Spring usually sneaks up gradually on the people and animals at Bywater Farm. But this year it arrived suddenly. Almost overnight we went from bone-chilling temperatures to the balmy 60s - from gray, rainy gloom to glorious sunshine - from a barren landscape to big beautiful clumps of green clover and tiny green blades shooting up amid the brown grass.
A few weeks ago the Parish decided to tidy up the ditch that runs along the eastern boundary of Bywater Farm. This tidying up fit doesn't strike them often. We've been here forty years and this is the first time it has struck them. They mercifully brought all their heavy equipment on to our neighbor's vacant lot, leaving our little triangle pasture and fences unmolested. Since time out of mind trees have been growing on both sides of the ditch - mostly hackberry trees and pecan trees. Although the pecans have always been too crowded to reach their full potential, they've produced many a tasty nut over the years so I'm glad they survived the tidying up. In fact, most of our trees survived while the Parish removed just about all the trees on the neighbor's side of the ditch. I hope that was OK with the neighbor, but - OK or not - his trees are gone and our view has been expanded.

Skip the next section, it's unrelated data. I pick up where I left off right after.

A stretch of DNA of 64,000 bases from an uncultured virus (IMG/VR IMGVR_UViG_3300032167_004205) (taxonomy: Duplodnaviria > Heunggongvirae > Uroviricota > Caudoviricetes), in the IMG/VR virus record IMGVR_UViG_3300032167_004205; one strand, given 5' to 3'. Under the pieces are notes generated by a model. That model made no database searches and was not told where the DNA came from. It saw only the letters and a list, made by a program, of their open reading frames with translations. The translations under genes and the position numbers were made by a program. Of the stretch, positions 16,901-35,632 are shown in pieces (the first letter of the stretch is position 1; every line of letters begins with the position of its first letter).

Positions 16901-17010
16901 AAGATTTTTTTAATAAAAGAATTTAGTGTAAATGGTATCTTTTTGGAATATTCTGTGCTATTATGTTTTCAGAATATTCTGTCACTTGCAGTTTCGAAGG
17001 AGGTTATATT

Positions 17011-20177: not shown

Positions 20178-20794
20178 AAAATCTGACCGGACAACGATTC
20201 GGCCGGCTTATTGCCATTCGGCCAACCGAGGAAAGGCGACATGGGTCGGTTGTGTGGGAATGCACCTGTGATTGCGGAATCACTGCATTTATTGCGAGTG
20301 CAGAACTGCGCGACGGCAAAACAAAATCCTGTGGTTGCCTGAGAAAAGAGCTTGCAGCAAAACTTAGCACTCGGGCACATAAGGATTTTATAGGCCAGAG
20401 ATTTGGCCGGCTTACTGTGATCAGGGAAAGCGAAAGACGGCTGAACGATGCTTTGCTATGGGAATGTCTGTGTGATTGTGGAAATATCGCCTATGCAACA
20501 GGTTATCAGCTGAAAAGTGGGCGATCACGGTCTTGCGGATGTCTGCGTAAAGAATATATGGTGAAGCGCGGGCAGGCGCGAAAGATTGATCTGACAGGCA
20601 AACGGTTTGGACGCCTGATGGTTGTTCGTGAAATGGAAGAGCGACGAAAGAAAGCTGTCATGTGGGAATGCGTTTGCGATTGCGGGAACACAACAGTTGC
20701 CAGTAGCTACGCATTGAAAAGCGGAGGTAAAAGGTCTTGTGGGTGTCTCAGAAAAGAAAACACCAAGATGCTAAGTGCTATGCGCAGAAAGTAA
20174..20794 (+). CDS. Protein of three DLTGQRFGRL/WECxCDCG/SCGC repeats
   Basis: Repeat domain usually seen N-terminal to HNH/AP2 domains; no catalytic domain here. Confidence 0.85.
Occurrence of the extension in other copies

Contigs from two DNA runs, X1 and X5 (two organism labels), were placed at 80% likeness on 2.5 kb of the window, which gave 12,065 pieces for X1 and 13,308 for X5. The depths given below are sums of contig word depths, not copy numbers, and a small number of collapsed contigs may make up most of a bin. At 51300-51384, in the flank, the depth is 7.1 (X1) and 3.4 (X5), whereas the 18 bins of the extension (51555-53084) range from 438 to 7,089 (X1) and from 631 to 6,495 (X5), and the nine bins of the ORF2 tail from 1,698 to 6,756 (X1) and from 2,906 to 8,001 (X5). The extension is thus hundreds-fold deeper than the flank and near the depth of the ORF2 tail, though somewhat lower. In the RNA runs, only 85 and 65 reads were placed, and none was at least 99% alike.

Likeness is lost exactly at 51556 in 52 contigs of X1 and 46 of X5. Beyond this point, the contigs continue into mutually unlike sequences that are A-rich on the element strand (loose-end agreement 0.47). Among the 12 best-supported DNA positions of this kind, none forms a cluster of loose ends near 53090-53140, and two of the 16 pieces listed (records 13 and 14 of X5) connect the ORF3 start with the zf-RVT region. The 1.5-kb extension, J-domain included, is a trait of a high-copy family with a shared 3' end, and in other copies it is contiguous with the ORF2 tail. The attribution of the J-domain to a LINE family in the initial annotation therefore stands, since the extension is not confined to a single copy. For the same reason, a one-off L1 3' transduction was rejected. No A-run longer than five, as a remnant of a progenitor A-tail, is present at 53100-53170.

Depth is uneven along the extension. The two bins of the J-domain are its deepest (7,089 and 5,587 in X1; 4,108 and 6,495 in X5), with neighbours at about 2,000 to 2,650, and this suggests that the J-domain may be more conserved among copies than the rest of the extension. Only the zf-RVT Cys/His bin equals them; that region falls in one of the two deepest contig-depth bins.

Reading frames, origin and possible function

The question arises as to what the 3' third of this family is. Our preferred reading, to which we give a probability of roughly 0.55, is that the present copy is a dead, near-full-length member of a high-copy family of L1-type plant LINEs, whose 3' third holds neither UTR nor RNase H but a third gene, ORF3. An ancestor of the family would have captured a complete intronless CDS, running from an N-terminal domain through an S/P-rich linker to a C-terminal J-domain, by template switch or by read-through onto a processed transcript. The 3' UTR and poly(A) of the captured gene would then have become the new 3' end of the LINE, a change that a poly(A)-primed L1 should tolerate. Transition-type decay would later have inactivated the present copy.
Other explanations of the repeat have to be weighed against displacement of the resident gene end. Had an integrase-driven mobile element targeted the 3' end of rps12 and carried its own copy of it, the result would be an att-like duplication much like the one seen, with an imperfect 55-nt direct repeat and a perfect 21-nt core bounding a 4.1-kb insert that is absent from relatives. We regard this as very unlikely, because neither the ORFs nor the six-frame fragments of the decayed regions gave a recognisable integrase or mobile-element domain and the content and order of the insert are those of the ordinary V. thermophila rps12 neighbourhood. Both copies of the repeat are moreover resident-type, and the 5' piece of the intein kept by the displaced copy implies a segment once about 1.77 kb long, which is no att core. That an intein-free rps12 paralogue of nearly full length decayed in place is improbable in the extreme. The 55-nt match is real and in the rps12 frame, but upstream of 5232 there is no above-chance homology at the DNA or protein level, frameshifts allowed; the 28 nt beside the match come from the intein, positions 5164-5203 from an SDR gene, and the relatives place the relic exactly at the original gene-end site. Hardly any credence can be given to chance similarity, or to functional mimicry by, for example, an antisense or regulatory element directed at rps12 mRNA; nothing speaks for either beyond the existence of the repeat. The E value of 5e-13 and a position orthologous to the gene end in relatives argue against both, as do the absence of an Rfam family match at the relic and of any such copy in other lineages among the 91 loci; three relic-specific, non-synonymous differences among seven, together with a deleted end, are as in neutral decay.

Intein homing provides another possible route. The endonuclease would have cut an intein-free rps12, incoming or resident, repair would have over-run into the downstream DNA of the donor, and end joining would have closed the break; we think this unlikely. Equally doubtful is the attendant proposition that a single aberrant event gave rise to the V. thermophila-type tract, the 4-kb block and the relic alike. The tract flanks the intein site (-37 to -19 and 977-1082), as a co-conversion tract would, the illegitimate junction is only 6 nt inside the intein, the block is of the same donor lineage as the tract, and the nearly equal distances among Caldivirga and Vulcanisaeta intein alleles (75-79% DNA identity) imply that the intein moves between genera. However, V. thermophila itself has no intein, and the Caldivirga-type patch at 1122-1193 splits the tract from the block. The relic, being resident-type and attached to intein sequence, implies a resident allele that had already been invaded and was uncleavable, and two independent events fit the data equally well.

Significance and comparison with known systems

The barn pasture is a pitiful sight - more a dirt lot than a pasture. We had several hard freezes this winter, and they took a toll on the grass. We're feeding the horses lots of hay so nobody's ribs are showing, but I know they would like some green grass. The triangle pasture is just beginning to turn green. In another week or two we'll put the horses there and get busy rehabilitating the barn pasture. We'll toss some grass seed out there and hope at least some of it produces grass. One thing is for sure - as soon as the seed is out, word will travel through the bird community that there is a veritable smorgasbord in the Bywater barn pasture.
Walking the horses across the back yard from the barn pasture to the triange pasture used to be a rowdy affair. Rocky and Fay were just three years old when they came to live here. They're eight now and have done a lot of settling down. Tesoro, who is almost twelve, is still the boss hoss. I used to think that when Rocky grew up he might put the old boy in his place, but that hasn't happened. Tesoro still herds the two eight-year-olds around when he feels like it, and they get to eat hay when the boss says it's OK. Since he's a benevolent tyrant, he does eventually say OK.
I'm surprised that so many of the herbs out on the deck survived the freezes. The parsley is green and growing. So are the chives, catnip, lemon balm, and mint. I'm afraid the sage and oregano are done for. All the Blue Daze, my favorite summer flowering plant, is dead as a door nail. It can survive a light freeze, but temperatures in the teens proved to be more than it can take.
It's warm enough to have some windows open today, and Teche - the resident house cat - is enjoying the fresh air. Yes, I think spring is here to stay.